All three major tobacco companies were acutely aware of the changes taking place in the market during and immediately after WWI. The marketing men kept their eyes on the demographic statistics and the sales people took note of the cult of youth which was forming after the war. All were deeply interested in the female smoker, the largest untapped market in the nation. Earlier ads had hinted at the subject but usually in an indirect way as Turkish style cigarette ads pictured female models holding a pack of Moguls or Murads but none actually showed women smoking.
But times were changing and men like George Washington Hill at American Tobacco set their sights on popularizing cigarette smoking among the newly liberated female population. Some of Hill’s most famous campaigns for Lucky Strike evolved from the work of one of his most trusted advertising men, Edward Bernays. It was Bernays who hired a psychoanalyst to bolster his theory that some women regarded cigarettes as symbols of freedom and then hired attractive models to smoke Luckies in public. Later, he enlisted debutantes in his ads convincing them that they were striking a blow for women’s, freedom by endorsing smoking and Lucky Strikes in particular. When Hill expressed his concerns to Bernays that women might not be attracted to the dark green Lucky Strike packaging, the ad man set out to do nothing less than make green the most fashionable color. Working with friends in the fashion industry, Bernays paid for such events as Onandaga Silk’s “Green Fashion Luncheon” which featured green menus, green beans, asparagus salad, pistachio mousse glace and crème de menthe. There was also a “Green Charity Ball” sponsored by prominent socialite, Mrs. Frank Vanderlip and paid for by American Tobacco. Amazingly, green did become “the color” that year. Hill was pleased and Bernay’s got a raise.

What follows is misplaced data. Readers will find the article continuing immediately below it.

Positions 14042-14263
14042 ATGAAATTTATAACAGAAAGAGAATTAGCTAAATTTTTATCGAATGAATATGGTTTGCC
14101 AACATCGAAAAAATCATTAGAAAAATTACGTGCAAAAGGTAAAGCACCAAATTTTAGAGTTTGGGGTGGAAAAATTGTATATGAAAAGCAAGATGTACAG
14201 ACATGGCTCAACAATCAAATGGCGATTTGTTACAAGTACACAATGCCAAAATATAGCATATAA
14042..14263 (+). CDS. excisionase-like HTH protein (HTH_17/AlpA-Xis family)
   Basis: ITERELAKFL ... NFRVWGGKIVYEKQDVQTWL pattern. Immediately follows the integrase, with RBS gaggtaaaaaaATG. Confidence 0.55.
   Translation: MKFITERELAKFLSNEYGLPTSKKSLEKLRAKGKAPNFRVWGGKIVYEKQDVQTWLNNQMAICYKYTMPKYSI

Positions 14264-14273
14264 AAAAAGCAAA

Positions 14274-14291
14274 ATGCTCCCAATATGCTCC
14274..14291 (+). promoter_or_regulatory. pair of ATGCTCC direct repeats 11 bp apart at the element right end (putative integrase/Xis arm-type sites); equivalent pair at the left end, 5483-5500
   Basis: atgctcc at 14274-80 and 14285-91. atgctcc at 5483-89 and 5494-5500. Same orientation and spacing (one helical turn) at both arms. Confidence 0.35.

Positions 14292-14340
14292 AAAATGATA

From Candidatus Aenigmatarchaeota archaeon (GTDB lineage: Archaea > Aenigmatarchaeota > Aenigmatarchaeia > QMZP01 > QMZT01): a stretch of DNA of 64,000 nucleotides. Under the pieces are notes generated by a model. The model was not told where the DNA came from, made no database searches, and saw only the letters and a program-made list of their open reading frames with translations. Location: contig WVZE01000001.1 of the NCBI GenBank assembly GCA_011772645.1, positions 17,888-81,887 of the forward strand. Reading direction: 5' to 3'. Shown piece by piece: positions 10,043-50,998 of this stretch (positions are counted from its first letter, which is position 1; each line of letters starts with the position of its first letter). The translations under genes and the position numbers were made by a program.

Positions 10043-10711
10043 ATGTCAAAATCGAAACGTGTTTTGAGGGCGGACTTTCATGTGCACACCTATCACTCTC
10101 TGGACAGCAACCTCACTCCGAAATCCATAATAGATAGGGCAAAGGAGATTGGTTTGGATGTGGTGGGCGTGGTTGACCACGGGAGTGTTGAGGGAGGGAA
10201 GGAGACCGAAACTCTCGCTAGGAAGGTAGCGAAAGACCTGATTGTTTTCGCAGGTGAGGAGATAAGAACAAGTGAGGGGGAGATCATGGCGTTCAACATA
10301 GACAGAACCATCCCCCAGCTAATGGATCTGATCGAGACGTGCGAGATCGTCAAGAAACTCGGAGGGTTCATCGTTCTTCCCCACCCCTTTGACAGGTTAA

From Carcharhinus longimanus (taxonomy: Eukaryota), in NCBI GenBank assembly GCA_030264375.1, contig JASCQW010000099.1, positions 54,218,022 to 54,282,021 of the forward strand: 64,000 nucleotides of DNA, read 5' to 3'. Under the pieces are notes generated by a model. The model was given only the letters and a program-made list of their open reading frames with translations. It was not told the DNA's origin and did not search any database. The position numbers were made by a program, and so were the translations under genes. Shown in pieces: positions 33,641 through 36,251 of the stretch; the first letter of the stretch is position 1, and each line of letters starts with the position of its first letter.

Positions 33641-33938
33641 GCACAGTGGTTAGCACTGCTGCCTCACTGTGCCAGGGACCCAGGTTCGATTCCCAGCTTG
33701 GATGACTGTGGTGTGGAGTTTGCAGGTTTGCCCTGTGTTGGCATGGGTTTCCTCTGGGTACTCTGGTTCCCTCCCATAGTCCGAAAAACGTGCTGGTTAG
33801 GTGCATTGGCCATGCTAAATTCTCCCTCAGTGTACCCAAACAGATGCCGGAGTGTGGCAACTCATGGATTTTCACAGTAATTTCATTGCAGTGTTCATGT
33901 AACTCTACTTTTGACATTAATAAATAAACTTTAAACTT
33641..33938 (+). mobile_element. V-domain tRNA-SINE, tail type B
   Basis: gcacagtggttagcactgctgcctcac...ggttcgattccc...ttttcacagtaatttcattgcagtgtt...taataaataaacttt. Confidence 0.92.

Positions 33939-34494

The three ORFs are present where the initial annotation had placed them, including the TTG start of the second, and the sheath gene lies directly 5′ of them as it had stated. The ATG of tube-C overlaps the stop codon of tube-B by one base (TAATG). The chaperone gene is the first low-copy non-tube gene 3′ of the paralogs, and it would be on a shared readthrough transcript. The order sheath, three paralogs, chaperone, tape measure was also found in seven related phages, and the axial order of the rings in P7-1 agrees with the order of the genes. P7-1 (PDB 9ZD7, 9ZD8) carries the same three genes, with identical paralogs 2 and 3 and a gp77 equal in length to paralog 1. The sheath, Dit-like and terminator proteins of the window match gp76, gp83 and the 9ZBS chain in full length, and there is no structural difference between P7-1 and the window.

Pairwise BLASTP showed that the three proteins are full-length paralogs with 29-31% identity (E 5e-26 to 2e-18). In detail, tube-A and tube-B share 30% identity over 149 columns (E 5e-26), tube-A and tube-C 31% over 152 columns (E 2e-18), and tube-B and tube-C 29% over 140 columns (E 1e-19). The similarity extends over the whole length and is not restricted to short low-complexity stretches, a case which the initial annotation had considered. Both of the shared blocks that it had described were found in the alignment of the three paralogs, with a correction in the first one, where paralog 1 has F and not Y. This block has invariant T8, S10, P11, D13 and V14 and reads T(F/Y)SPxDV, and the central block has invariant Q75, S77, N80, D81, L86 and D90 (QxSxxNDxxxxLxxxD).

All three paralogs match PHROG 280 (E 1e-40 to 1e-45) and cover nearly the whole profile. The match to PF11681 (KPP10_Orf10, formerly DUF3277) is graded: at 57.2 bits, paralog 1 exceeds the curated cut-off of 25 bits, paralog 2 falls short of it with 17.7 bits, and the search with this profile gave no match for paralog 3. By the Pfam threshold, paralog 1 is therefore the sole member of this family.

Edward Bernays was also instrumental in popularizing the notion that cigarettes represented a "torch of freedom" for women. As late as 1922, a woman could be arrested for lighting up a cigarette on the street. In fact, this actually did happen in New York City in May of that year. By 1929, social norms had changed somewhat but Bernays was determined to make a very strong statement on the subject of women smoking in public (and at the same time push up the sales of cigarettes). This led to the famous "torches of freedom" incident at the 1929 Easter Parade in New York City. Barnays very carefully staged an event wherein a group of mostly socially prominent women would join in the parade and simultaneously light up cigarettes. As Bernays had planned (actually calling several newspapers in advance), the event caught the attention of the press and at least one participent who was interviewed declared that she felt that cigarettes were like a "torch of freedom" for women..Pictures of the participants, with their cigarettes in hand, appeared in papers around the world and attracted quite a bit of attention and controversy just as the marketing wizard had hoped.
Women may well have joined the ranks of smokers in equal numbers during the Jazz Age without any prompting from tobacco men like George Washington Hill but we may never know for sure.
|Mrs. Taylor-Scott Hardin parades down New York's Fifth Avenue with her husband while smoking "torches of freedom,"a gesture of protest for absolute equality with men.|
Tobacco and Americans by Robert Helmann, 1960